Multiple times in the past year, and even before the current conflict, American officials criticized statements made by individuals such as Itamar Ben Gvir and Zviel Smotrich, among others. What sets these two apart is that they are settlers residing in the West Bank and simultaneously hold ministerial positions in the Israeli government. This dual role raises legal and ethical questions, as they are ministers in a government while living outside its recognized borders. It’s akin to imagining a scenario where the Italian Minister of Foreign Affairs resides in Greece. The intertwining of settlement residency and governmental roles has created a complex situation, prompting scrutiny and concerns.

Looking back to the period before the June 1967 Six-Day War, despite Israel’s control over most of historical Palestine, there were voices within Israel itself expressing dissatisfaction. Even as Israel dominated a significant portion of Palestinian territories, there was a movement within Israeli society, led by figures such as Rabbi Yehuda Kook, that considered it a failure. Rabbi Kook criticized the founders of the Israeli state, declaring, “You abandoned Judea and Samaria,” referring to the biblical names for the West Bank. At that time, the West Bank was part of the Hashemite Kingdom of Jordan after the 1948 Arab-Israeli War. However, following the Arab armies’ defeat in the 1967 War, Israel occupied the West Bank, Gaza Strip, Sinai Peninsula, and the Golan Heights.

For Rabbi Kook’s disciples, the occupation of the West Bank symbolized a divine sign, encouraging them to settle in and claim the land. This perspective laid the groundwork for the settlement movement, which later became a contentious issue in the Israeli-Palestinian conflict.

During Levi Eshkol’s tenure as the Prime Minister of Israel, when Israeli law viewed the West Bank as foreign territory that their military had seized, the legal advisor, Theodor Meron, responded by sending a confidential message to the Prime Minister, stating that according to the law, they had no right to settle in the land. He emphasized that the territory was not theirs; it was occupied, and this contradicted the Geneva Conventions, to which Israel was a signatory.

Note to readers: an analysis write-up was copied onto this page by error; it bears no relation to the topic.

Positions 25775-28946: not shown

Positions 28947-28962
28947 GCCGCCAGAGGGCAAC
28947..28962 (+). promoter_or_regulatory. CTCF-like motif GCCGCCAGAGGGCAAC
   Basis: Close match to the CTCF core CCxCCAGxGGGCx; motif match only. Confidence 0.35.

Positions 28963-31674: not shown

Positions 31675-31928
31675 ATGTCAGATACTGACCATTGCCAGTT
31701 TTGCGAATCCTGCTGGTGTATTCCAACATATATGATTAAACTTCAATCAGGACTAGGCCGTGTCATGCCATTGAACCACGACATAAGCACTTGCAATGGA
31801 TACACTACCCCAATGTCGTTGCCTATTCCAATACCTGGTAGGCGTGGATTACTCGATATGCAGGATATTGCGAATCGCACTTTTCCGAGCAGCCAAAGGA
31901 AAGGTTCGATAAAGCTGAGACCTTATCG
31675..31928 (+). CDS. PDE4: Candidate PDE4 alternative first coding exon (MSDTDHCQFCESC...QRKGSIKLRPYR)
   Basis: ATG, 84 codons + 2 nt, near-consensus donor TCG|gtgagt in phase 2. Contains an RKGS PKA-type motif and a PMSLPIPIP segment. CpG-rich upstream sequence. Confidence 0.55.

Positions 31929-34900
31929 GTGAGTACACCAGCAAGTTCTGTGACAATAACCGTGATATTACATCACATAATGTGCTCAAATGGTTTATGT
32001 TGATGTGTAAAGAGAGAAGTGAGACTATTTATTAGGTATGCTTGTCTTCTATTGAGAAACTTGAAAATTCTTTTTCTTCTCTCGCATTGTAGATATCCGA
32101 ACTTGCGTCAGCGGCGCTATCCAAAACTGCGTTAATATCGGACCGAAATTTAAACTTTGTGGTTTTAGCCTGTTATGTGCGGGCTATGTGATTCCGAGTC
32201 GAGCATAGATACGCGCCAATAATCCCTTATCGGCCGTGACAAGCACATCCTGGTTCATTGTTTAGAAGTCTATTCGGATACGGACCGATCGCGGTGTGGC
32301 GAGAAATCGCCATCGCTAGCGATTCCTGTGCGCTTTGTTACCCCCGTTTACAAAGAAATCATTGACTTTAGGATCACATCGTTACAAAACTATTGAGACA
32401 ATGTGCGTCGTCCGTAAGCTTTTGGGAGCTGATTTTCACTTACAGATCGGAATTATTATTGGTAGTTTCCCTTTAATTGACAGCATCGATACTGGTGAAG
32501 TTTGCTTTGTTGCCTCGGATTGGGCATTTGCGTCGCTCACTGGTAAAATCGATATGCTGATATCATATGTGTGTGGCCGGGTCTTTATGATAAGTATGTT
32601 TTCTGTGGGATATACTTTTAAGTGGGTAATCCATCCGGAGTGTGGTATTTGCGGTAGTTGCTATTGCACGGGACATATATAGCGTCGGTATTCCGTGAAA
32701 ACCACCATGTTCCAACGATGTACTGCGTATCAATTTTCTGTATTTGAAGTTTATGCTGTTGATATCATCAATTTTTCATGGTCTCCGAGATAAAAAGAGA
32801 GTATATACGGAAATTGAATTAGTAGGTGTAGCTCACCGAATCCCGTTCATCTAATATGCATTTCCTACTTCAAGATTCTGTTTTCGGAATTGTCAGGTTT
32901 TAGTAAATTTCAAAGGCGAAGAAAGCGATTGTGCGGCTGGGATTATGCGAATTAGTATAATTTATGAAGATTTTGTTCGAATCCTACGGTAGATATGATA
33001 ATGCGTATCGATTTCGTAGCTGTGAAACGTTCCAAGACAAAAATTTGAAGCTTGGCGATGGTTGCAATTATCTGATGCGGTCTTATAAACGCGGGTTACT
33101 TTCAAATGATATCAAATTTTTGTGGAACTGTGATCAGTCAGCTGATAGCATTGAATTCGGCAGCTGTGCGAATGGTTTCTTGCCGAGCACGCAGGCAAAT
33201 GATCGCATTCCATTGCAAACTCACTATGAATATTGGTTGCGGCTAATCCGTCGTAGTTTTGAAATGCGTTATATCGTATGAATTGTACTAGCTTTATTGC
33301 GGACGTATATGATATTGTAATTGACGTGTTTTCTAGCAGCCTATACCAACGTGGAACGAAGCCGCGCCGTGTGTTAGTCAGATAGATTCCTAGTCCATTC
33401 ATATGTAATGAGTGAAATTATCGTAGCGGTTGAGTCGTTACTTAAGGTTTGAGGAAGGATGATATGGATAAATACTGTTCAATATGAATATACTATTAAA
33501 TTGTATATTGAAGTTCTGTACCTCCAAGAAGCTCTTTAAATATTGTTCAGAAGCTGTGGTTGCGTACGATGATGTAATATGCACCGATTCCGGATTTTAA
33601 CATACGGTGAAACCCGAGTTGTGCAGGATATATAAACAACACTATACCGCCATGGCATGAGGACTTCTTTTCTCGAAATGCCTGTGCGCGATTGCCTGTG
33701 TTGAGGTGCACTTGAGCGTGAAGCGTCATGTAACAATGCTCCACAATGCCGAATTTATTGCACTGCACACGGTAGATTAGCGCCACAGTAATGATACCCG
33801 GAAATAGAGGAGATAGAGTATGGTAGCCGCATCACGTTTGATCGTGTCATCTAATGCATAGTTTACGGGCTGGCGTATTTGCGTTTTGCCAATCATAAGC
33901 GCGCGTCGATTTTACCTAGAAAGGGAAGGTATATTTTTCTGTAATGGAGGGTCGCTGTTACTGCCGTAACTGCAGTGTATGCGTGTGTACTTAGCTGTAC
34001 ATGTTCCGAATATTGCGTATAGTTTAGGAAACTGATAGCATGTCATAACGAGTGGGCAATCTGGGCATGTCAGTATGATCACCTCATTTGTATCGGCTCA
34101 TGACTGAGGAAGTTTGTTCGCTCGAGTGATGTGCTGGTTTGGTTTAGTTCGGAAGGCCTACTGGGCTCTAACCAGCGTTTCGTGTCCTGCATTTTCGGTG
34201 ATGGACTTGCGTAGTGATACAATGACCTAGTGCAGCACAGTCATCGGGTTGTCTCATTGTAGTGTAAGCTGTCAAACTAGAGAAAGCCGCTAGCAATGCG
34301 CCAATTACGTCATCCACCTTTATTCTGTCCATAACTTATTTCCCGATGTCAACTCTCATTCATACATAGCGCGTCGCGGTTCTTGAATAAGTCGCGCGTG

Meron made it clear that, according to international law, it was impermissible for an occupying state to transfer its civilian population to the territories it had occupied. Despite this legal advice, when the Israeli government learned that international law prohibited such actions, they went ahead with the establishment of settlements. They chose to disregard international law and agreements. Confronted with the religious extremists associated with Rabbi Kook, the government essentially told them to build seletments wherever they wanted in the westbank, not adhering to international legal standards.

The Israeli settlement in the West Bank did not solely emerge from religious motivations; there were also strategic and security considerations, particularly during the late 1960s. According to Israeli officials of that time, the primary purpose of the settlements was military and security-oriented.